The 'new economy' constantly throws up a multiplicity of entrepreneurial ventures trying to solve the problems of modern India. By telling their stories I try to catch a glimpse of the entrepreneurial evolution that India is going through. I have a weakness for the gloss of novelty and chase it in all experiences, from exploring new cities and restaurants, to changing what I read.
Since the launch of their first restaurant in Pune in 2003, Jaydeep Barman and Kallol Banerjee, co-founders of Faasos, a “food on-demand” company, have frequently been asked about the origins of its name. In previous interviews and other interactions, the duo has come up with a few explanations for it, including the assertion that it is an acronym for ‘Fanatic Activism Against Substandard Occidental Shit’.
This definition, though, was retrofitted. Its name, oddly enough, was taken from that of the African nation, Burkina Faso. “We had read that it meant ‘The Land of the Incorruptible’. That sounded nice,” says Banerjee. They proceeded to dispense with Burkina since Faso sounded like fast food, which was the intended theme. “We also had our designer present at the meeting and he suggested that we add an ‘a’, since he needed five letters in the name to design the original logo.” (It was called Faaso’s but was rebranded in May this year to drop the apostrophe.)
This short sequence of events is in many ways symptomatic of their approach: The ability to quickly determine what is and isn’t important, and to dispense with whatever isn’t. It has, at least in part, aided Faasos’s evolution from a delivery-centric restaurant chain to its present avatar of a food technology company.
The food on-demand tag that it uses to define itself essentially means that Faasos uses a network of delivery centres (DCs) to deliver food to customers, around 97 percent of whom use its app to place orders. This fact by itself is unremarkable in a business cluttered with app-based services. But add the scale of Faasos’s growth and the sustainability of the model its co-founders have created, and the venture stands out.
Today, the company, which had six outlets in Pune in 2011, is present in 15 cities, through its 160 DCs. It services between 15,000 and 18,000 orders every day, and is adding about 15 DCs every month. Barman claims that they will be available in about 25 cities by the end of this year and they hope to be in 50 by the middle of 2016. That would entail more than doubling the number of DCs to 350-400 in less than a year.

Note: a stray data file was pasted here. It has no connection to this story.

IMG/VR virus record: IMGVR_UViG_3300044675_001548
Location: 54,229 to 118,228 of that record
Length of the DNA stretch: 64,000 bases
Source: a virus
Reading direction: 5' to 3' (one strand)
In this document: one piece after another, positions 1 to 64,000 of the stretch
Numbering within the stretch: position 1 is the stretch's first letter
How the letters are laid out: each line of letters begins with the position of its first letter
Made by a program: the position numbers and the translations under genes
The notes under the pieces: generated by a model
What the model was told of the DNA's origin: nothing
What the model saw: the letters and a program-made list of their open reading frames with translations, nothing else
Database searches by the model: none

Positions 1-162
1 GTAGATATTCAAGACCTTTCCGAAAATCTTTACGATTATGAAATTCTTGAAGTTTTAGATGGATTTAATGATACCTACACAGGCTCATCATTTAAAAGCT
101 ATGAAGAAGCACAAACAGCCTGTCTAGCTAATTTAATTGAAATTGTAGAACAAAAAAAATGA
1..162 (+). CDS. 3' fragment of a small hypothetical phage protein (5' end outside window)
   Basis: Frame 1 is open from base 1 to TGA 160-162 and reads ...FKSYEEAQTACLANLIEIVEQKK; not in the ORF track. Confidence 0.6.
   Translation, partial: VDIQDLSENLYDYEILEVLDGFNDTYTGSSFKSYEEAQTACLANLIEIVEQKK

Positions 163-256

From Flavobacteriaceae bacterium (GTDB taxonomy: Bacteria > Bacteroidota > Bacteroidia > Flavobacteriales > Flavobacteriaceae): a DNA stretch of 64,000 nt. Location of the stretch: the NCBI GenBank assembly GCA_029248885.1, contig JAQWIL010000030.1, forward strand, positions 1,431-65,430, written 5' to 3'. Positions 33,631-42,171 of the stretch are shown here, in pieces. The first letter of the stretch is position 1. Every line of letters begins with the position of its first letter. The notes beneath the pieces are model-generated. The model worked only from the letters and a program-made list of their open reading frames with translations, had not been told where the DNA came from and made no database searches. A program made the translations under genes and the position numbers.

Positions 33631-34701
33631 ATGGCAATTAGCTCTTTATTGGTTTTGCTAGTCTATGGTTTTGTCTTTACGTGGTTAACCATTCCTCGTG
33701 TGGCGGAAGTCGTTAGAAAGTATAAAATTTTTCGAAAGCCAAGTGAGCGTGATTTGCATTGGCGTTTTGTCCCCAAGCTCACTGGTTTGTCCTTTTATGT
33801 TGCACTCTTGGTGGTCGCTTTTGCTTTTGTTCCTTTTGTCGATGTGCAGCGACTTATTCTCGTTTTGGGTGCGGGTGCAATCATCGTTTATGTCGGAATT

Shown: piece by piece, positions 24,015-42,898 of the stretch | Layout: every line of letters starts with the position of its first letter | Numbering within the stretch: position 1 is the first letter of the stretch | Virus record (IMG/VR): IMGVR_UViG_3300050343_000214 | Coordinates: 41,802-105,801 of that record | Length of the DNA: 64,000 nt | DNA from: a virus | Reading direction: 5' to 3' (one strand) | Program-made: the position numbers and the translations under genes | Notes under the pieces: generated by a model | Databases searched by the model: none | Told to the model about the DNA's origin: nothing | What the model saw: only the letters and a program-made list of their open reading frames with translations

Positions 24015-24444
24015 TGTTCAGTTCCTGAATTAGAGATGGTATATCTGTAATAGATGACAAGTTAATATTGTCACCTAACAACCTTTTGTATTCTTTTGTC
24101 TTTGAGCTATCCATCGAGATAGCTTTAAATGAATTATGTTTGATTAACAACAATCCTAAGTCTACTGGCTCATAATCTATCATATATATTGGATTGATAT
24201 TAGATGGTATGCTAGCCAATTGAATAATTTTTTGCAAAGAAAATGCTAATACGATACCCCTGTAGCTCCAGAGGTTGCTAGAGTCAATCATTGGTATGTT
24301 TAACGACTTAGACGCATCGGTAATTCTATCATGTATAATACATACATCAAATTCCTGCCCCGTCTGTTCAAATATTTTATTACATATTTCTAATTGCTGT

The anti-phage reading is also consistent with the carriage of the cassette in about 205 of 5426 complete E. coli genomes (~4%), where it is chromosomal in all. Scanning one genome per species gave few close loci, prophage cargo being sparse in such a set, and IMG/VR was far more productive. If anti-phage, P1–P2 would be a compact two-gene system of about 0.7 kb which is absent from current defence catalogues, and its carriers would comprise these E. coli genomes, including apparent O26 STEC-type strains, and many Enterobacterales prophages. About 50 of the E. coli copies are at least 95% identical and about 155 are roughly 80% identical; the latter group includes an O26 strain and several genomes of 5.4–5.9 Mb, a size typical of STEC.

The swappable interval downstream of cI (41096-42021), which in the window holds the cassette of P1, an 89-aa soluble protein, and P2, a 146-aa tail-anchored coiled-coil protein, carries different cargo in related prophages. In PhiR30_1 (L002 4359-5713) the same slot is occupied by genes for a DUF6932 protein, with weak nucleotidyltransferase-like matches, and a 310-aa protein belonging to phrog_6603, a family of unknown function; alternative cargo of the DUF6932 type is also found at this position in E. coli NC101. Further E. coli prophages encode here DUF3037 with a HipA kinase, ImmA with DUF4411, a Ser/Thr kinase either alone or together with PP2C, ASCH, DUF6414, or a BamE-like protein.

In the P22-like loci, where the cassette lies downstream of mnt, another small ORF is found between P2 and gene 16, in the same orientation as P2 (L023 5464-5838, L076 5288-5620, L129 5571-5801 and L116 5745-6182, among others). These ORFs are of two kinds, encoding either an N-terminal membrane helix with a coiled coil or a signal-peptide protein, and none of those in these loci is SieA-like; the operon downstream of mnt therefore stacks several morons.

These fantastical growth numbers would border on the absurd were it a quick service restaurant (QSR) chain. For one, QSRs require high capital expenditure. They also function on low margins, and it is usually a steep uphill climb towards profitability for most QSRs.
Owing to its delivery-centric model, one would be inclined to assume that Faasos is a QSR. And with 160 outlets, that would make it one of India’s largest homegrown QSR brands, which is no mean feat.
But Barman denies that inference. “We’re not a QSR chain,” he says. This is not to say that it never was one.
Founded by IIM-Lucknow classmates Banerjee and Barman, Faasos began as a restaurant in Pune, specialising in kathi rolls. In the early 2000s, while they were working at an e-learning company called Brainvisa Technologies, the two had often talked about opening a restaurant together. “I basically wanted to start it because I missed the Kolkata kathi rolls in Pune,” says Barman. So, in 2003, he quit his job and they launched their first restaurant.
While setting it up, “we did everything that we thought we should be doing,” says Banerjee. They hired good cooks, set up a quality facility with a glass facade, which was something of a novelty then. But with no experience of working in the food and beverages sector, they were in for an unpleasant surprise. In the first month, their restaurant’s sales were lower than the electricity bill.
The next few years weren’t easy either. Although they managed to add four more restaurants by 2006, Barman was getting impatient. “I was the most broke that I have ever been,” he says, laughing. By expanding in the face of early failures, they had found it hard to come by additional capital. So Barman left for INSEAD in France to pursue his second MBA and Banerjee followed a year later. Faasos was put on autopilot with two people managing it.
It was only in 2010 when Barman quit his job as an associate partner with McKinsey in London and returned to India did the Faasos story resume. Banerjee too returned from his Bosch stint in Singapore. The two managers were allowed to run the earlier restaurants (though the restaurants eventually came back into the fold) while Barman and Banerjee began expanding the franchise. The brand’s purple and yellow signage began popping up in Pune, Mumbai and later in Bengaluru. A typical store consisted of a kitchen and a small standing area that would sometimes have a table or two, but was usually bare. The focus was clearly on delivery. The chain quickly grew from six outlets in 2011 to over 50 in 2013.